Today’s kids seem to be ignorant of the joys of pigging out on a decent feed of fish and chips. During school holidays they’re more likely to meet up at Maccas or Subway, or, if they’re anything like my daughter, the local Thai restaurant.
In my day we had two lunch choices; fish and chips, the purchase and consumption of which were a right of passage.
During school holidays me and my brother Anton would often end up at my cousins’ Mario and Phillip’s place where the morning madness, which included playing war (being the younger brothers, Phillip and I would have to be the Germans or Japanese) would give way to hunger hastened by the glorious aroma of the fish ‘n’ chip shop just a few hundred yards away.
As the youngest I’d have to make the trip to the fish n chip shop on Main Road East (now called The White Corner Fish and Chips), with my pockets full of 20 and 50 cent coins and an order list that included:
- $2 chips
- 8 potato cakes
- 8 dim sims
- 4 fish cakes
- 4 sausages in batter
- 1 Coke
The shop was run by a bloke named Jerry and was typically decorated by faded advertising posters, including a suggestive one of a girl on a motorbike holding a Chiko Roll. There were also flags of various nations painted around the top of the walls and I’d try guess what country they belonged to while waiting for my order.
After what seemed like ages Jerry’s wife would yell out: “hey boy, twodollarchip, aiyet potatocayke, aiyet dimzeem, four fishcayke, four sausage?”
Plurals weren’t her thing.
I’d grab the Coke from the fridge and hand over the princely sum of $6.50 ( I remember potato cakes being 5c and dim sims 8c). After counting all the coins Mrs Jerry would hand me a pillow sized package of steaming fat, salt and carbs which I’d try and carry back to my hungry brethren along with the heavy glass Coke bottle. The only way to do this without dropping the lot was to hold the Coke in one hand and tuck the package between my forearm and bicep of the other arm. It worked fine but resulted in second degree burns at the back of the elbow.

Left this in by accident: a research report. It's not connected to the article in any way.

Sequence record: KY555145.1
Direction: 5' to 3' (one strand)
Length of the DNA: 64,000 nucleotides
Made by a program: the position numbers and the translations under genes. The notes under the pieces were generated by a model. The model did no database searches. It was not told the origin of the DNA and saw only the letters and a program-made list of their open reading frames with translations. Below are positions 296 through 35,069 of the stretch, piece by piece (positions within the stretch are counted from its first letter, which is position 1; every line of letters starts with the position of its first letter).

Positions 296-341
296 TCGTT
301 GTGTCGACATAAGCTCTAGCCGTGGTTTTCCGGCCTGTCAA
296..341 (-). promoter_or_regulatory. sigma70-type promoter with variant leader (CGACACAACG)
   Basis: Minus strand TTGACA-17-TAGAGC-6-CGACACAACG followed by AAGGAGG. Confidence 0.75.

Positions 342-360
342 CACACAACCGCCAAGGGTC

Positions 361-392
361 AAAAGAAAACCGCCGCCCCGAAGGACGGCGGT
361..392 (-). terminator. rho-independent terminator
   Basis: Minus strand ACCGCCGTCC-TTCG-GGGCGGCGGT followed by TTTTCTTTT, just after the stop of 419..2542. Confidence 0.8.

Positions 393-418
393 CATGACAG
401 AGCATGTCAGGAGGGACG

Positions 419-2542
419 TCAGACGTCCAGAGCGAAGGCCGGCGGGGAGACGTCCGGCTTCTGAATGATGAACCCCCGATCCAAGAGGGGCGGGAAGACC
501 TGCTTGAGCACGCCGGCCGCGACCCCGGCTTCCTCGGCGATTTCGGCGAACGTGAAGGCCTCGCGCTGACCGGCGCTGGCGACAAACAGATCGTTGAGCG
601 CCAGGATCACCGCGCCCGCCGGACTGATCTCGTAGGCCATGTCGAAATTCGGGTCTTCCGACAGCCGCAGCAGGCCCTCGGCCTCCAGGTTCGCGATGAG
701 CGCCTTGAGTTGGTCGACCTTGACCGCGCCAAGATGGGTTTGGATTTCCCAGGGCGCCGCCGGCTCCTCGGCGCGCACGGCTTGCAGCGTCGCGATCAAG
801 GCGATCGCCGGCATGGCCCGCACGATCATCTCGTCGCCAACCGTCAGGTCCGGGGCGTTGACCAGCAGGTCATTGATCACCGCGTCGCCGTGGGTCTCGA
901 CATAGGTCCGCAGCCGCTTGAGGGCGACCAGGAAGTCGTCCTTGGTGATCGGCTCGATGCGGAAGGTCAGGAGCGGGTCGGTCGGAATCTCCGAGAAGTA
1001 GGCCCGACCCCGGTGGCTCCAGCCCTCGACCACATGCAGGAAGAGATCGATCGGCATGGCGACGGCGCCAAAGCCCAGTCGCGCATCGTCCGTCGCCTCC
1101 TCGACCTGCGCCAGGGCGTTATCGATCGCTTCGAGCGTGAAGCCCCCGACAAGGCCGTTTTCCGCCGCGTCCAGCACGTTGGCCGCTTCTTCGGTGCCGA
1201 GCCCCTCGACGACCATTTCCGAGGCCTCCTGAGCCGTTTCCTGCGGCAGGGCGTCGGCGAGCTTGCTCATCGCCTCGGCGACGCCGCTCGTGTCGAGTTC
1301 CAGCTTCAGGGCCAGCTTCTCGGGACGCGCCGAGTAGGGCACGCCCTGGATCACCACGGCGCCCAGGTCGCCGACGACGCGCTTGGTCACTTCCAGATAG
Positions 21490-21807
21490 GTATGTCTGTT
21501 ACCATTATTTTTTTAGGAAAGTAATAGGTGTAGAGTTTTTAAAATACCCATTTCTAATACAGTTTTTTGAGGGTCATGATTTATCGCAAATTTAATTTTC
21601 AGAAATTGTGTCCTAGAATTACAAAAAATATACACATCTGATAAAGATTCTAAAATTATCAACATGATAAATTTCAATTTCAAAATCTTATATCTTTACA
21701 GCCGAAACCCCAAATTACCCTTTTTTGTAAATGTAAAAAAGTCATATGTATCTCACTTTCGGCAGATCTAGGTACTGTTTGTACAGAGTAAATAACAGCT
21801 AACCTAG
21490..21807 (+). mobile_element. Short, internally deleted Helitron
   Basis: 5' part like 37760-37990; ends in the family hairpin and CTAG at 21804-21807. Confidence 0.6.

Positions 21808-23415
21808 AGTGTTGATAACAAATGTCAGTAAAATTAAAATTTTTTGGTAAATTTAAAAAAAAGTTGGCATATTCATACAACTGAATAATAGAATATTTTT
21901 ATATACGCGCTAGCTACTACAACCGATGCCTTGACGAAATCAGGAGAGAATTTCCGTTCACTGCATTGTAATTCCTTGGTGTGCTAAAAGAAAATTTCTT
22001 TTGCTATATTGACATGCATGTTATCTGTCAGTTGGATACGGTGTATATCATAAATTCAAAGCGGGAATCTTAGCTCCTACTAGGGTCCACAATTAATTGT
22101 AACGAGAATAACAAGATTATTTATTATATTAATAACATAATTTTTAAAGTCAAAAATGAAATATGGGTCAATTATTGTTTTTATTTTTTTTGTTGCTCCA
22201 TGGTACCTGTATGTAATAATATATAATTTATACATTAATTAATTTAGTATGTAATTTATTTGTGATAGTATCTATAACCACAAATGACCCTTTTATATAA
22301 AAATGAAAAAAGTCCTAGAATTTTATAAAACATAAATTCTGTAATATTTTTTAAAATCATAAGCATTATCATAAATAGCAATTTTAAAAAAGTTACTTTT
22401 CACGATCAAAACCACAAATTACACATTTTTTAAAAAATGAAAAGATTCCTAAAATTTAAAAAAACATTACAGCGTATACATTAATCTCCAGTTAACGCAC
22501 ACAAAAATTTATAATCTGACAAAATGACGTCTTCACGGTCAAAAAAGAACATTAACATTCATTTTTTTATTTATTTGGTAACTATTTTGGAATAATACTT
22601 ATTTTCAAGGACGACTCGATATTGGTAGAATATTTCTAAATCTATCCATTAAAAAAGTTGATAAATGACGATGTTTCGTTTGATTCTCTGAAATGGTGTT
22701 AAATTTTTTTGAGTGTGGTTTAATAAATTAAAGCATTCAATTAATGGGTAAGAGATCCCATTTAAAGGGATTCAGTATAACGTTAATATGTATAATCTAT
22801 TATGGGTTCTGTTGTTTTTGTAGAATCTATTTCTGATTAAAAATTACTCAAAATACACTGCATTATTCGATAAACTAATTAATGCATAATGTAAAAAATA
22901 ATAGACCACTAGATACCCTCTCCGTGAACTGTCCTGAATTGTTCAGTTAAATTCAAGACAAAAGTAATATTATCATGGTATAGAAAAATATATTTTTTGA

On my return the boys would peel the food package off my disfigured arms without so much of a thank you and carefully unwrap the bounty on the lounge room floor. In those days $2 chips spread out beyond the limits of most kitchen tables and we wanted to watch the Midday movie, which was usually a western or World War II classic. We’d momentarily stare at the food, mentally giving thanks while Mario, being the eldest, divided the potato cakes, dim sims, battered savs and fish cakes into four.
Once his hands were clear we attacked the lot like rabid dogs. As John Wayne murdered people in black and white, we feasted over a sea of yellow stodge with a bowl of vinegar placed in the middle for us to dip our chips – one time I stupidly tried drinking the vinegar which sparked a rather enlightened theological discussion between myself and Mario.
Mario: “Don’t drink the vinegar, it’s bad for you.”
Me: “Jesus drank vinegar.”
Mario: “And look what happened to him.”
Touche Mario. Touche.
The hectic sounds of culinary rapture and rustling paper soon slowed as we each hit a food wall, with battered savs and a not-insignificant 80c worth of chips still to go. But we’d persist, passing around the Coke bottle to wash the food down.
The drinking of the Coke was an event in itself. We’d take advantage of the burpy reaction of the Coke and a belly full of carbs with such gusto that were were able to belch out phrases like and “rum and raisin” and “get fucked Phillip”. This gave us a second wind and we’d even be hungry enough for one final, violent feeding frenzy over the previously unwanted broken crispy chips that lurked till the very end.
In no time we’d be finished. The bowl of vinegar carefully taken to the kitchen sink, the paper scrunched up and thrown in the bin and last of the Coke poured down our throats.
Our kids don’t know what they’re missing.